Striving to improve the CAASPP results

FUHSD curriculum leads discuss their prespectives on putting further emphasis towards raising the listening scores

Jasmine Lee

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On Feb. 4, FUHSD English teachers attended a professional development session lead by English Curriculum Lead Greg Merrick about incorporating instruction on speaking and listening into literature courses.  One part of the training included examining the results from the 2017 California Assessment of Students’ Performance and Progress (CAASPP) test, which shows listening as the area where FUHSD students have the most room for growth, with higher scores in reading, research and writing.

FUHSD Curriculum Lead Welton Kwong assists teachers with learning more about the ever-changing field of 21st century education. Kwong reveals that these opportunities include research, examination of best practices and, of course, time for attendees to bounce ideas off each other and develop specific lesson plans.

Since the CAASPP test was developed in 2014, Kwong had no expectations for the listening test results, but he believes that the reason behind FUHSD’s “lower” performance on listening is due to the lack of emphasis on developing listening skills.

“I think, traditionally in schools, we have spent a lot of time on what we think of as literacy,” Kwong said. “Which means we spent a lot of time helping students become good readers and writers, but we sometimes forget that listening is also very much a part of language as well.”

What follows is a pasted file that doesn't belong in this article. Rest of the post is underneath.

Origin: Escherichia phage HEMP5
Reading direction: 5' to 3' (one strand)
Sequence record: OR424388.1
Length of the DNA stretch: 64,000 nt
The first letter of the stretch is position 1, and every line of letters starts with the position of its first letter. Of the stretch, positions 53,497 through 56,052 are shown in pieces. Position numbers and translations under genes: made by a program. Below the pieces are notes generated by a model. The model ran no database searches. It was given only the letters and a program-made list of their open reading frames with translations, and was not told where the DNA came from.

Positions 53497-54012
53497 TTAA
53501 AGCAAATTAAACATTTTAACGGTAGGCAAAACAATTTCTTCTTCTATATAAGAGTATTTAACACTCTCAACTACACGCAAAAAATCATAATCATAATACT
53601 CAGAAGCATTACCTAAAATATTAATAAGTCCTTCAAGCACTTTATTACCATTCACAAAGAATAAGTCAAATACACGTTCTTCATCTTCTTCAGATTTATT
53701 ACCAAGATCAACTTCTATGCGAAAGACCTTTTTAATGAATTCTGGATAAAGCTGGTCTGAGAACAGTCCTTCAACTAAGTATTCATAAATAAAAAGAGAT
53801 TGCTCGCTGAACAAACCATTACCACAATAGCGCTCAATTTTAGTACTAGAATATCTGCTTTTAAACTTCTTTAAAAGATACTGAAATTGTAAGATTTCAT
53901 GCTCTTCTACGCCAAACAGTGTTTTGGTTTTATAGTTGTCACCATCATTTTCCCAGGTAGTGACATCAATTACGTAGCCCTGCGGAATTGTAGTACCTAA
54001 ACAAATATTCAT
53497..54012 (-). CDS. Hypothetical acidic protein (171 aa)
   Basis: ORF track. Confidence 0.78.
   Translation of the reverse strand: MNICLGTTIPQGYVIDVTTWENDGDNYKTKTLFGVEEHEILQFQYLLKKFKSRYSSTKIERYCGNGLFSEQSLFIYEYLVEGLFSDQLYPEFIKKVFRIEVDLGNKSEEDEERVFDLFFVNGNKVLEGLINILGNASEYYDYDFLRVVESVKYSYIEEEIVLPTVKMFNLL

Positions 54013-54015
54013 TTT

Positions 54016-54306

Merrick agrees that providing lessons and assessments targeted at listening are often overlooked.

“I think [overlooking the listening aspect has] a lot to do with [us assuming] that because students can talk and they can hear,” Merrick said. “But it’s also important that we provide them with the opportunity and the skills.”

With the listening area identified, Kwong points out that the challenge with incorporating listening instructions within an already packed curriculum is due to the fact that a student’s writing and researching progress is visible on devices. English teacher Vanessa Otto agrees with Kwong.

“It seems as if employers are looking for your communication skills as being a priority,” Otto said, “We don’t really spend a lot of time assessing speaking and listening skills and that can be for a variety of reasons. The first thing that comes to mind is that it’s kind of difficult to assess.”

In order to improve the current curriculum and create heavier emphasis on  listening, Merrick developed the all-day training session, which he is delivering four times over the course of two years so all FUHSD English teachers will get a chance to participate.

“The work around speaking and listening is not exclusive to English teachers,” Merrick said. “In fact, all teachers in our district over the last couple years went through a different training […] that really  [encourages them] to think about supporting students’ ability to read, write but also speak and listen.”

Math Curriculum Lead Jessica Uy is also looking at ways to help math teachers incorporate specific, targeted practice with speaking and listening in math classes.

“For math right now, we’ve been focusing on students’ speaking and maybe even writing about their understanding,” Uy said. “I haven’t explicitly talked about the role of listening, although that might be an area we focus on for next year because how can you have a good conversion if people are not listening to each other?”

Kwong echos Uy and Merrick’s beliefs, and hopes to continue to build on this identified area of weakness so students can experience success in high school and beyond.

“It needs to take place everywhere for students to actually improve their language skills across all domains,” Kwong said. “So it’s everybody’s work. Hopefully we can do more of that in the future.”